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Geithner signals tougher stance on China

Treasury Secretary-designate Timothy Geithner says President Barack Obama believes China is "manipulating" its currency, a declaration that American manufacturers have long sought in their efforts to combat America's soaring trade deficit with China.
/ Source: The Associated Press

Treasury Secretary-designate Timothy Geithner says President Barack Obama believes China is "manipulating" its currency, a declaration that American manufacturers have long sought in their efforts to combat America's soaring trade deficit with China.

However, Geithner also suggested that now might not be the right time to brand China as a currency manipulator under U.S. trade law, a designation that would trigger negotiations between the two countries and could result in U.S. economic sanctions against China.

"President Obama — backed by the conclusions of a broad range of economists — believes that China is manipulating its currency," Geithner wrote in answer to questions submitted to him by members of the Senate Finance Committee.

"President Obama has pledged as president to use aggressively all the diplomatic avenues open to him to seek change in China's currency," Geithner said.

He noted that while in the Senate, Obama sponsored legislation along with other senators that would overhaul the process for determining what countries are manipulating their currency to gain trade advantages in competition with the United States. That legislation would have authorized a new enforcement process "so countries like China cannot continue to get a free pass for undermining fair trade principles," Geithner said.

Geithner's comments raise the possibility that the Obama administration will take a tougher line with China than former President George W. Bush did. The previous administration refused to cite China as a currency manipulator in a report that Congress requires the Treasury Department to prepare twice a year.

Instead, former Treasury Secretary Henry Paulson insisted that the best way to get China to revalue its currency was through diplomatic engagement. Paulson began the Strategic Economic Dialogue, high-level discussions that have been held twice a year starting in late 2006.

During this process, China did allow the value of its currency to rise by 21 percent. But American manufacturers say that the Chinese yuan is still significantly undervalued, making Chinese goods cheaper for U.S. consumers and American products more expensive in China.

If Paulson had labeled China as a currency manipulator, that designation would have launched negotiations between the two countries and if that process had failed, the United States could have imposed trade sanctions on Chinese imports.

While Geithner did state that Obama believes China is manipulating its currency, he said the new administration would consider a number of factors in deciding how to proceed.

"The question is how and when to broach the subject in order to do more good than harm," Geithner wrote. "The new economic team will force an integrated strategy on how best to achieve currency realignment in the current economic environment."

In response to another question on China's currency, Geithner noted that China's economy is slowing at present as a result of the global downturn which has cut into China's ability to export.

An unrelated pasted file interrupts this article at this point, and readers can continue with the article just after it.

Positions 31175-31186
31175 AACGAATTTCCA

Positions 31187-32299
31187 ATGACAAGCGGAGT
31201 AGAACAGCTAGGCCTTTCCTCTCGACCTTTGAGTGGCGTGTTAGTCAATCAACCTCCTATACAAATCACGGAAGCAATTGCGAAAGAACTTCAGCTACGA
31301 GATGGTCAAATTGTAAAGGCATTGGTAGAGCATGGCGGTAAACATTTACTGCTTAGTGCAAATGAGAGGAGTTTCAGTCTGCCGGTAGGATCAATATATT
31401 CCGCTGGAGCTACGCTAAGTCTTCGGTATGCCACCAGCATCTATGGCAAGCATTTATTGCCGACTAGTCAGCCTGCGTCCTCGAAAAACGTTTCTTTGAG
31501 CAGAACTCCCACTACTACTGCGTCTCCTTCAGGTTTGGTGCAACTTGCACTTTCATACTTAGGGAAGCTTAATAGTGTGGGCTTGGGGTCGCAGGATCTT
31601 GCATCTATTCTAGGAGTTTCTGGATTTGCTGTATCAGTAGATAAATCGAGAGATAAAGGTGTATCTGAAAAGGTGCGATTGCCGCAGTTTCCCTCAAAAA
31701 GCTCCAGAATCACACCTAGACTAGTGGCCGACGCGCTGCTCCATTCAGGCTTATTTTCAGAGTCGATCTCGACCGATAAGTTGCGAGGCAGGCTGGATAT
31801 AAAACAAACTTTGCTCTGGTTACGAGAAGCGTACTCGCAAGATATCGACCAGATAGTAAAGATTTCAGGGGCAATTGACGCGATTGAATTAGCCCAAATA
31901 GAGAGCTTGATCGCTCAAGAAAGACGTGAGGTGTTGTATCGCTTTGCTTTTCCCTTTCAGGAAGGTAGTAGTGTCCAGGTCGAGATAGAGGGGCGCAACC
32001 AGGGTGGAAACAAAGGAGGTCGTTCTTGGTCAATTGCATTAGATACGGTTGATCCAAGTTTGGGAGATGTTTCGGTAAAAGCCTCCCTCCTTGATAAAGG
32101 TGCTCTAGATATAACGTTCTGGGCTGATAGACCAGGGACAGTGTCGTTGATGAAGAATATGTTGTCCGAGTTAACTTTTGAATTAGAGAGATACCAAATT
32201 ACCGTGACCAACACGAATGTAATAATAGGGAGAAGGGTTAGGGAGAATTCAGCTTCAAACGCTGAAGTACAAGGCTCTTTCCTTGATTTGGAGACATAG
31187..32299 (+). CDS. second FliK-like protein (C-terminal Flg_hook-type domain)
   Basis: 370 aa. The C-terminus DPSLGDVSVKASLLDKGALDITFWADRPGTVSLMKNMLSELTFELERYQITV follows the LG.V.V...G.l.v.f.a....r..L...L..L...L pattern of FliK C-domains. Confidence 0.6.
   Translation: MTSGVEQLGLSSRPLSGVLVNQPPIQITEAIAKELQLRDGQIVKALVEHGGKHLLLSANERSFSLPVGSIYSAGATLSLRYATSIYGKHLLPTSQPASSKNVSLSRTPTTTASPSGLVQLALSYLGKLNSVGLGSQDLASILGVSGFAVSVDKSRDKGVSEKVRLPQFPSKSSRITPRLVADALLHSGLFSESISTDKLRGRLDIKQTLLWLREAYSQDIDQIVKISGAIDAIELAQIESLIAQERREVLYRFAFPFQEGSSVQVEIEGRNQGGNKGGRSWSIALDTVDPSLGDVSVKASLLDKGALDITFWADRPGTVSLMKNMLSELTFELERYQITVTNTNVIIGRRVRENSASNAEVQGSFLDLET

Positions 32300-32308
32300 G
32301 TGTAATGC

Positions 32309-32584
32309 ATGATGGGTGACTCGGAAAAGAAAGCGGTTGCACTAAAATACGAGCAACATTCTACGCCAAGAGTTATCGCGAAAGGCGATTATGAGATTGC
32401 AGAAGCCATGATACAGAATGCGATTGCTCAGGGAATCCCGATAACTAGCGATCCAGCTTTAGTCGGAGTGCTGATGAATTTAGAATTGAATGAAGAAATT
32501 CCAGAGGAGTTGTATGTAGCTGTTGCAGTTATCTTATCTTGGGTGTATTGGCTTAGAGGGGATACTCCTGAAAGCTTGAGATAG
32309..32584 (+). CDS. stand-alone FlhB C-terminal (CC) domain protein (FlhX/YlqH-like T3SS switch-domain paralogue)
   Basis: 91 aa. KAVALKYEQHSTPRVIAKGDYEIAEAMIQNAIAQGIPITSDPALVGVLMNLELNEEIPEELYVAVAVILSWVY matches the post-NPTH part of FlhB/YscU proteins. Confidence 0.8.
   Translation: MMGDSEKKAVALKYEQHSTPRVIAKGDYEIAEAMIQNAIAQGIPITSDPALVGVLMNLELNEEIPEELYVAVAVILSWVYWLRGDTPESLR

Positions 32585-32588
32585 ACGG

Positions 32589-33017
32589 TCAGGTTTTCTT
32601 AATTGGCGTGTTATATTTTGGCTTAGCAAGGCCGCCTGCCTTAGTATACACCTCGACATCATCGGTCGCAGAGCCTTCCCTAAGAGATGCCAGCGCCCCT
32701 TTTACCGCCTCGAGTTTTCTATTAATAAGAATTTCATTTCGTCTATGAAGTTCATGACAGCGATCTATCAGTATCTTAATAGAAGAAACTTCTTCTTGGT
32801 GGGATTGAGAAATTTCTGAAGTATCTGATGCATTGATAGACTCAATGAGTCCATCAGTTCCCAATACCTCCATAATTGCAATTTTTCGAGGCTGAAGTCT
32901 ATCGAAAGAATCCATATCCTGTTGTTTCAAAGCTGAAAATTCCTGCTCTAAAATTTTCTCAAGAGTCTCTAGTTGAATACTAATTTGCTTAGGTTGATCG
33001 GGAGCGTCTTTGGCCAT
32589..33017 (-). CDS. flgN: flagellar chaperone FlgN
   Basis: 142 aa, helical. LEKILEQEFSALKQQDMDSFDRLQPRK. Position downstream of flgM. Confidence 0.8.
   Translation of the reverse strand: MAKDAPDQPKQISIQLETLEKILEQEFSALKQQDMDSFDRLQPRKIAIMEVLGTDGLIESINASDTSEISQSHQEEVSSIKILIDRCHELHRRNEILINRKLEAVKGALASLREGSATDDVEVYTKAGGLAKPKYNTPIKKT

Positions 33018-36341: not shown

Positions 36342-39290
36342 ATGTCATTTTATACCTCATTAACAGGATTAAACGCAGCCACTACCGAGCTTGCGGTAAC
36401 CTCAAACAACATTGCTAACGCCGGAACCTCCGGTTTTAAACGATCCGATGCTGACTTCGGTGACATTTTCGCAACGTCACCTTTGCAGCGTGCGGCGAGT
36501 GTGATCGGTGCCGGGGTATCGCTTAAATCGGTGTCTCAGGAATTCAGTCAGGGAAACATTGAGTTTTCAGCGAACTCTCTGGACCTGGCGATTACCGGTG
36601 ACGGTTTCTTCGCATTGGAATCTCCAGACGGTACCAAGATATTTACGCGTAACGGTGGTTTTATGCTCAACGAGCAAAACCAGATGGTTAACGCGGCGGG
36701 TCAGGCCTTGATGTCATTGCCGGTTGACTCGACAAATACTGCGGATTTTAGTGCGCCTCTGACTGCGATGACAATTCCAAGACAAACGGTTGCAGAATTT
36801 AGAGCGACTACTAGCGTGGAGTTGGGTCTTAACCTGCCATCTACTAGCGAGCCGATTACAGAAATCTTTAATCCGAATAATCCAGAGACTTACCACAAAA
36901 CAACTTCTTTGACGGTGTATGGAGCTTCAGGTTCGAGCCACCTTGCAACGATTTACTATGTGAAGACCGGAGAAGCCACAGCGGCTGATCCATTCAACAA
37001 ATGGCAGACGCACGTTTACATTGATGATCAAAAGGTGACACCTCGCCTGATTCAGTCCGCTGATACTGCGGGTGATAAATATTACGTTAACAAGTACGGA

"Because China accounts for such a large fraction of the world economy, a further slowdown in China would lead to a substantial fall in world growth and demand for U.S. exports and delay recovery from the crisis," Geithner said. "Therefore, the immediate goal should be for us to convince China to adopt a more aggressive stimulus package as we do our part to try to pass a stimulus package here at home."

Under U.S. trade law, the first currency report that the new administration must submit to Congress will be due in April although past administrations have often missed the deadlines.

Frank Vargo, vice president for international affairs at the National Association of Manufacturers, said Friday that the new administration's acknowledgement that China was engaging in currency manipulation represented an important change but that it needed to be followed with actions that will get China to resume allowing its currency to rise in value.

Vargo said China's currency appreciation came to a halt last summer as China became more worried about what a slowing world economy was doing to its exports.

"The National Association of Manufacturers has long thought it was necessary for the U.S. government to tell the Chinese government that we know they are manipulating their currency. The previous administration always dodged that," Vargo said. "Until you acknowledge the problem, you can't go ahead and get a good solution."

In response to another question on China, Geithner did not commit specifically to continuing the current Strategic Economic Dialogue talks but he said the administration wanted a "deep engagement" with China.

Geithner's nomination to be treasury secretary was approved by the Finance Committee on an 18-5 vote on Thursday despite unhappiness on the part of many senators over mistakes Geithner made on his tax returns earlier in the decade.

The full Senate is expected to take up Geithner's nomination on Monday and he is expected to win approval at that time with supporters saying that the current economic crisis requires quick approval of someone with Geithner's qualifications.

Geithner is currently head of the New York Federal Reserve Bank. In that post, he was a key participant in the financial rescue decisions made by the Bush administration and Federal Reserve Chairman Ben Bernanke.